Background: To describe the association between body mass index (BMI) and a positive response during a head-up tilt test (HUT) in patients referred for an investigation of syncope.
Methods: Observational study of patients referred for the diagnostic evaluation of syncope. Patients were divided into four groups according to their BMI: <18.5 kg/m2, 18.5–24.9 kg/m2, 25–29.9 kg/m2, and > 30 kg/m2.
Results: A total of 419 patients were evaluated. The mean age was 43 ± 22 years, and 62% were female. The prevalence of a positive tilt test was different between groups when stratified by BMI (P = 0.01), with a higher proportion of patients with positive tests among those with BMI <18.5 kg/m2 compared with other groups (P = 0.05). Multivariate analysis also showed that underweight patients had a 3.9 times higher risk for a positive HUT response (P = 0.01); additionally, the use of contraceptive drugs was associated with a protective effect during HUT (odds ratio: 0.35, confidence interval:0.19–0.45, P = 0.001).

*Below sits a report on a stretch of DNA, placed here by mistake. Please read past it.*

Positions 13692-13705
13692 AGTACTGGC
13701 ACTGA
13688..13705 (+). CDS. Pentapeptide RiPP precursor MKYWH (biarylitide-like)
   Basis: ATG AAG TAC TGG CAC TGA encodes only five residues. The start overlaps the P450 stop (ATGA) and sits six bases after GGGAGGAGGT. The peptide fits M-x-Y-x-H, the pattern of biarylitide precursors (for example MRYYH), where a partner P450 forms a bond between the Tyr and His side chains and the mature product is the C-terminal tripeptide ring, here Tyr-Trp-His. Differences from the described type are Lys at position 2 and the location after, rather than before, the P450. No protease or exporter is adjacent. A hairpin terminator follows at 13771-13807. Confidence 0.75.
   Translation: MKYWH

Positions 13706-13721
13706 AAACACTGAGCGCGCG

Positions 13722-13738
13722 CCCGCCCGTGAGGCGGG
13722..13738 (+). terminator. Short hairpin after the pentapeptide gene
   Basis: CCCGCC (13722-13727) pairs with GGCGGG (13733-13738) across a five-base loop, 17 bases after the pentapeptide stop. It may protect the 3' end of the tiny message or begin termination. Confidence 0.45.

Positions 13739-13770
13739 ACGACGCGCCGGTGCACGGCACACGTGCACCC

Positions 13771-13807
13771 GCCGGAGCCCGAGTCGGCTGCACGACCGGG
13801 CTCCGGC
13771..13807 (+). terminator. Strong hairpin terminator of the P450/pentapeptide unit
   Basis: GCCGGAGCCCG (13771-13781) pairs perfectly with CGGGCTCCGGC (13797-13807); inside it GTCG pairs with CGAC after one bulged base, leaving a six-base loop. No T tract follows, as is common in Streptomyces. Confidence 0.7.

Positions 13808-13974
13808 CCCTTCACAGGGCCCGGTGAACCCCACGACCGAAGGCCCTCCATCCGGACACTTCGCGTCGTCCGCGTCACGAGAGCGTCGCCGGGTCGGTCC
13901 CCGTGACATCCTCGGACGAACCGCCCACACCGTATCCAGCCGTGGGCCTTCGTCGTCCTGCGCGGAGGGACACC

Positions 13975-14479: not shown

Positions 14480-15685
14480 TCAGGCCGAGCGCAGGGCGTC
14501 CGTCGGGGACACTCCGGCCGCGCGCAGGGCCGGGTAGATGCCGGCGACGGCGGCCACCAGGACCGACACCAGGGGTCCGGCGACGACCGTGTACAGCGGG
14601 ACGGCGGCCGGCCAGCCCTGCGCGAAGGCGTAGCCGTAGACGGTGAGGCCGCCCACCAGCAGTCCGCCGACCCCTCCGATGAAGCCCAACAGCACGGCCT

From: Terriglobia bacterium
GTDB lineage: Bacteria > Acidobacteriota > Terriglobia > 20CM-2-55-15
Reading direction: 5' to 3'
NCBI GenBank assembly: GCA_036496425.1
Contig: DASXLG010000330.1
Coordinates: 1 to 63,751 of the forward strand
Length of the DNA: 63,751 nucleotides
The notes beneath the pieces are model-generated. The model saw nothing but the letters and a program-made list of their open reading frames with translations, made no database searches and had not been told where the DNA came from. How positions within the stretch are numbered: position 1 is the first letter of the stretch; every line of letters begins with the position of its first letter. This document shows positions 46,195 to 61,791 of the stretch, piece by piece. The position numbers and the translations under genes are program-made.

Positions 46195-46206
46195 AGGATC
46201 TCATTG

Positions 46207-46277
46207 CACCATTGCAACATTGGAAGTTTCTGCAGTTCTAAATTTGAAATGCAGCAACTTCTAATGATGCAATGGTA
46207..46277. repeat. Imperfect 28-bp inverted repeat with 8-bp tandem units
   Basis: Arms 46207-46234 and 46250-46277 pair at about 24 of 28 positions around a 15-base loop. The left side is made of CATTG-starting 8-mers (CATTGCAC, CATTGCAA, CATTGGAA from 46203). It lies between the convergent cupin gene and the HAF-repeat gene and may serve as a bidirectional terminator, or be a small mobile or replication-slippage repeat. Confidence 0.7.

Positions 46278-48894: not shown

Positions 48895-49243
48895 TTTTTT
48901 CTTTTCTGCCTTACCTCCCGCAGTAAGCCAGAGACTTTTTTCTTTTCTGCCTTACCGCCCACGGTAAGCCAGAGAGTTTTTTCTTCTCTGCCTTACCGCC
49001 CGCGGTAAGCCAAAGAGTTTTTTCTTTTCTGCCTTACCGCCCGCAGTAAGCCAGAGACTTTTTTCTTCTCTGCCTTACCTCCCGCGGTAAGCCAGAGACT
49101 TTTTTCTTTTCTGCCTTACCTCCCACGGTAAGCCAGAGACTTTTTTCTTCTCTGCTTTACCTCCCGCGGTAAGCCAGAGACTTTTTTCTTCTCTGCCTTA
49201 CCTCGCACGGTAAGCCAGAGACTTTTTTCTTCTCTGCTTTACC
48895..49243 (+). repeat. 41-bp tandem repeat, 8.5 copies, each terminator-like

Conclusion: In our sample, changes in BMI are associated with a positive response for HUT, and oral contraceptives seemed to protect against this response. Further studies are needed with larger numbers of patients to corroborate this finding.
(PACE 2013; 36:37–41)